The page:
The strong smell coming from the Lunenburg wastewater treatment plant 900 metres from Ronald Thurlow's home on Nova Scotia's south shore drives him and his wife, Sharon, inside every summer.
Just as the weather gets warmer and people are spending more time outside, Sharon and Ronald are going in the opposite direction.
"It doesn't matter which way the wind is blowing around here, you're going to get the smell from that plant. You've got to close up the house and get in off the deck or wherever you are outside. You can't stay out," he said.
And it doesn't look like things are getting any better, despite their efforts to get the town to fix the odour problem.
"Each year it seems to be getting worse, especially in the summertime when it's sultry-like. It seems like that's when it's the worst. And it goes all through the town, not just here — it's all over."
In one afternoon last summer, he got 15 people to sign a petition. All of them went with him to the council meeting that night to air their concerns. But Thurlow feels their collective voice went unheard.
"They talked about it but they didn't seem to want to do too much. They say it's too costly," said Thurlow.
Council did vote to commission an engineering firm to design a biofilter system that they hoped would help fix the problem. But construction of the entire system, estimated to cost $770,000, was not included in last year's budget. It was left for the council elected in the fall to see it through.
But odour control and wastewater treatment plant upgrades are not in this year's draft budget.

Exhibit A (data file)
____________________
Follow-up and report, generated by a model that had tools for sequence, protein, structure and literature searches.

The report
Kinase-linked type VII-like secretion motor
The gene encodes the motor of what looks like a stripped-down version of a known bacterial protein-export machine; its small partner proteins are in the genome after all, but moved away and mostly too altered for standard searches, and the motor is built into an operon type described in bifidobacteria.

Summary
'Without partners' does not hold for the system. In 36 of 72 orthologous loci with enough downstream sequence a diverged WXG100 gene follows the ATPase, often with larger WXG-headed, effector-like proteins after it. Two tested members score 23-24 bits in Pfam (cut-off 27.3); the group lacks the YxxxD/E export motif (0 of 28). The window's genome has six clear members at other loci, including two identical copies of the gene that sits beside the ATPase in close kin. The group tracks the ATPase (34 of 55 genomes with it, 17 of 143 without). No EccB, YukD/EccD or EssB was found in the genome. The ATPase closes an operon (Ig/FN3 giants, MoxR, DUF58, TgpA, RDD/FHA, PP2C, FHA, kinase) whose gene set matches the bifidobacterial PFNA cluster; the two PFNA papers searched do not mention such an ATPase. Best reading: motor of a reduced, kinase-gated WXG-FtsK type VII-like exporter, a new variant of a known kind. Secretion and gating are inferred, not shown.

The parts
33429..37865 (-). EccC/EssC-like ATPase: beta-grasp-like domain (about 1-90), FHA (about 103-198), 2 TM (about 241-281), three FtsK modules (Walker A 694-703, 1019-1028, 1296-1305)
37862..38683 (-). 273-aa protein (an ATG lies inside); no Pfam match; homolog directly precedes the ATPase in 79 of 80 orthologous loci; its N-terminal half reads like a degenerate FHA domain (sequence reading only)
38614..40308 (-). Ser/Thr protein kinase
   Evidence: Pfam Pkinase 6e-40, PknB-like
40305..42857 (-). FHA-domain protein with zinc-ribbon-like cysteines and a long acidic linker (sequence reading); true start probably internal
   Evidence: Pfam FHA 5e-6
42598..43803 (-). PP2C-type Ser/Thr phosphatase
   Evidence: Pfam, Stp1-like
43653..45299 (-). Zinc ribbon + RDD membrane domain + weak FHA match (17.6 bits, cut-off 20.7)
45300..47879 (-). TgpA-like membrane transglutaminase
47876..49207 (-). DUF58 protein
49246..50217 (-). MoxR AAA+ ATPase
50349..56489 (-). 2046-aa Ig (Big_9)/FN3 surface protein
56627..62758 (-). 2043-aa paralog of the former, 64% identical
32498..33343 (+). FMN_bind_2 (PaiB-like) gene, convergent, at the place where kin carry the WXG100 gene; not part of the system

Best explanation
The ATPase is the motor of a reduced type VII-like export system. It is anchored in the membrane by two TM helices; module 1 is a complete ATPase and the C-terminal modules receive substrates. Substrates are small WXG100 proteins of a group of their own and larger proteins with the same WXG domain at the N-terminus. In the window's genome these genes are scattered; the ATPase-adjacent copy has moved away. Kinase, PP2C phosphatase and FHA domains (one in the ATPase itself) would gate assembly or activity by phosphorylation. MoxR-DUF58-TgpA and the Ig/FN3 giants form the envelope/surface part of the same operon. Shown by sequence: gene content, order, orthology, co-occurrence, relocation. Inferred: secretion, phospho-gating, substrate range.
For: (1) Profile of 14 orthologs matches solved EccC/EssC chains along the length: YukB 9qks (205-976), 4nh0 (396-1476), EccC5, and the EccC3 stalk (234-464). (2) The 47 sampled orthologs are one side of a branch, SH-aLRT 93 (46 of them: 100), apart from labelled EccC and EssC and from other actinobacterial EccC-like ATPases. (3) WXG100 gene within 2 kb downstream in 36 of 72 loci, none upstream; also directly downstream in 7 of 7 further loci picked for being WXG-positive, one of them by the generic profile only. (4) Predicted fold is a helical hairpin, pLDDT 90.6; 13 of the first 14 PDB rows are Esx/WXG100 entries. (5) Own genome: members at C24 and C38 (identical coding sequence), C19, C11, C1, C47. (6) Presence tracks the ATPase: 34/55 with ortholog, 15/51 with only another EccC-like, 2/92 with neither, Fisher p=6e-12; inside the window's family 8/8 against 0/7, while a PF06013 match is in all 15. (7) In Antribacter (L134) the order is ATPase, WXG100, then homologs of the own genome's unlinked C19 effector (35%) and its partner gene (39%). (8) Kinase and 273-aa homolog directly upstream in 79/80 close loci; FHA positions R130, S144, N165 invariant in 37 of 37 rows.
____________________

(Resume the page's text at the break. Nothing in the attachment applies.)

Thurlow's neighbour, Marc Glassman, said federal funding was made available to communities specifically for wastewater infrastructure and should be used for those improvements.
"I agree that there is a need in terms of fixing up water mains and sewage lines. That is a priority that affects certain people, especially in this area. But the smell is something that affects the entire town," said Glassman.
No funding request for odour control
The federal government has allocated $5 billion over five years for water and wastewater projects. The provincial budget tabled Thursday included $40 million for clean water and wastewater infrastructure improvements.
Lunenburg council did not include the odour control project in its application for funding last year.
Feeling frustrated and trapped in his own home, Thurlow applied for a property tax reassessment and was successful.
"I had a substantial amount taken off my taxes ... so I was quite happy over that," he said.
Mayor Rachel Bailey did not return repeated calls and emails from CBC News.
In the meantime, Thurlow and Glassman are not ready to give up. They both believe there's power in the people and plan to continue to take their concerns up with the town.
"It's got to be in a positive way. It can't be negative," Glassman said.
"I think our town council are honourable people and they will listen if you present a situation truthfully and realistically."